Thank you Manchester


I’m a Mancunian but I haven’t visited the floral tributes.

I haven’t fully explained what happened to my daughter, 8 years old and a huge Ariana Grande fan.  She knows the briefest details, but that that is all. Not that people were killed.  Only hurt.

I watched the concert, donated money but that is all I have done.

In all honesty, Manchester, I feel a bit of a coward.

I’ve worked as a journalist here in the city, brought up two children here and still haven’t felt validated to add my voice to all those already on social media.  But then I went abroad and got sad, really sad.   Gone were the ‘You’re from Manchester?  Manchester United – the best football team in the world!’ And instead we got, ‘Oh.  Manchester, you say.  Terror attacks.’  Now that hurt.  Really hurt.  How dare our amazing, creative, multi-cultural, busy, fun city be tarnished by such cruelty?  I remember looking out of the taxi window with tears in my eyes, not knowing how to explain how wrong they were.

On arrival back home, I thought long and hard about what to do.  I thought about my children and what their future holds.  I’ve always worried that my daughter’s school cares more about attitude than academia, but have they got it right after all? This term they have celebrated friendship, team work and tenacity.  They’ve both come home with certificates for ‘ always doing the right thing’ and the teachers have held celebration assemblies to ensure all the children know what is expected of them. Could this be exactly what I need too?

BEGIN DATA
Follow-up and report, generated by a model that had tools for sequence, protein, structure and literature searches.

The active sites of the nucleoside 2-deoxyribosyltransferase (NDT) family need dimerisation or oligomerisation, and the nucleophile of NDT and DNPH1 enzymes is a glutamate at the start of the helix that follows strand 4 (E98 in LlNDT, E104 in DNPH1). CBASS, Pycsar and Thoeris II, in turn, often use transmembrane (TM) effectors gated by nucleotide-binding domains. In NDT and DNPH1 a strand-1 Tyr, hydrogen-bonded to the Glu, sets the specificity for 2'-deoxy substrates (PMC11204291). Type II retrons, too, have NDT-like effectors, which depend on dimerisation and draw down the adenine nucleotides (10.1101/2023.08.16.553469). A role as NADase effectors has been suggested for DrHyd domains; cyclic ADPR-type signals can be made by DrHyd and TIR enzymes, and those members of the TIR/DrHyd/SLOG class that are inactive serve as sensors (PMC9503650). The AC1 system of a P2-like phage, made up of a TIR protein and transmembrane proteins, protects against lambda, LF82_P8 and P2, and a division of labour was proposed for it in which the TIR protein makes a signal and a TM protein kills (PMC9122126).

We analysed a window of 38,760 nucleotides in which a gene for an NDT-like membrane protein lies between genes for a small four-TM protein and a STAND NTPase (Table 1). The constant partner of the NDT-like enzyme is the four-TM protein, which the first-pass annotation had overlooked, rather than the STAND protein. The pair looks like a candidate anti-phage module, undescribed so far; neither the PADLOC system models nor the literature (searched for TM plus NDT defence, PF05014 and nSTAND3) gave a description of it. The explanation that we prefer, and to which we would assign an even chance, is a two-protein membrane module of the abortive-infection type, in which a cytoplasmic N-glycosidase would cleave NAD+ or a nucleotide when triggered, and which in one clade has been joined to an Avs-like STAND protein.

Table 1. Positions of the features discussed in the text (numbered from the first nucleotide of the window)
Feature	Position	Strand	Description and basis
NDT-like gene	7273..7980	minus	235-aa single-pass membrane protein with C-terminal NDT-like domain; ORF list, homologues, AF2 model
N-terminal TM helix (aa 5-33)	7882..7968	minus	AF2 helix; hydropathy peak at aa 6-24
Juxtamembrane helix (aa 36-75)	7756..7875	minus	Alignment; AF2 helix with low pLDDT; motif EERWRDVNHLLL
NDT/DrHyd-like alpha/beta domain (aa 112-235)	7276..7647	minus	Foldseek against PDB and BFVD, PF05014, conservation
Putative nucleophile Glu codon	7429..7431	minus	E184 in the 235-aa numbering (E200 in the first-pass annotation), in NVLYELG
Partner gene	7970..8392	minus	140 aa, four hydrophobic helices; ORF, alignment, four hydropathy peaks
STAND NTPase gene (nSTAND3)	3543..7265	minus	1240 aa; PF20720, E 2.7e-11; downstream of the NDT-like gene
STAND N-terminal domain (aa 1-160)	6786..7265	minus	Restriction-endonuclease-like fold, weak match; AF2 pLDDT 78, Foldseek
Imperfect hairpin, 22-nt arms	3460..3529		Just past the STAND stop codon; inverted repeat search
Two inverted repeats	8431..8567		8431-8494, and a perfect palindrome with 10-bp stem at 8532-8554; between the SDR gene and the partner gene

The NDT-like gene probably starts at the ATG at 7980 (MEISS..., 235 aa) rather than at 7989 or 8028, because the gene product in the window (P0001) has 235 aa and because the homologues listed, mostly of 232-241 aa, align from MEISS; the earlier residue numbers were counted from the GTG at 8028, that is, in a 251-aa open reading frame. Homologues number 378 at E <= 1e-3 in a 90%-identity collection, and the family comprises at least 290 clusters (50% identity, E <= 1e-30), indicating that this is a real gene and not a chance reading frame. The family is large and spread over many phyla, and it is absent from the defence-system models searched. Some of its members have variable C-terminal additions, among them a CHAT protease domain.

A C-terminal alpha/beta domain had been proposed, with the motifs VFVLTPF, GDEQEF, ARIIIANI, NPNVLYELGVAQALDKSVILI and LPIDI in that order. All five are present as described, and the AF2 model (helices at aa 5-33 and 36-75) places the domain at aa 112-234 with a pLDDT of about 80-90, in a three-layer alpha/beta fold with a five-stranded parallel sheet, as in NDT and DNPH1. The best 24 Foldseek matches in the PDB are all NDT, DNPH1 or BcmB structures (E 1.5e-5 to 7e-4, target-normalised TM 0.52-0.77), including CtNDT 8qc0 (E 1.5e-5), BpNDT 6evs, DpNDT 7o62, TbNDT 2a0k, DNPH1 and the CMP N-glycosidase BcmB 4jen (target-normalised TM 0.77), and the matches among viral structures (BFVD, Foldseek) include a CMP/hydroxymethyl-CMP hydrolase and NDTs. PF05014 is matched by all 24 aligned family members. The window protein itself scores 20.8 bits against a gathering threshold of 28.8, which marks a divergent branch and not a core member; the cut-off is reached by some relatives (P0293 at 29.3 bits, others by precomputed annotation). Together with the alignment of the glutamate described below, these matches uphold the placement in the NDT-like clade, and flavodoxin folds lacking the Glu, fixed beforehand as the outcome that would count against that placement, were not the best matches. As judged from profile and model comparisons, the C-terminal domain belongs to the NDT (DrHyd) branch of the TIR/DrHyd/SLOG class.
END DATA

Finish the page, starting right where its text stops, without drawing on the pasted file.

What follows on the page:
If there is anything I have taken away from this terrible, turbulent time is joy in the space we’ve created where it is OK to express love and support.   In the past, I have been terrible at this.  Insular and a little under-confident I haven’t ever really made much effort with the people around me.  New neighbours moved in six weeks ago and I have barely said hello.  An elderly lady lives two doors down and I have never checked on her to see how she is doing.  This has got to change.  I have got to change, and I want to follow my daughter’s example and not be afraid to celebrate what’s good in the world.

I’m not brave enough do any big gestures to help those directly affected, but I can do lots of small things to help those that weren’t.

I want to be a better person.

Thanks Manchester. You’ve shown me the way.





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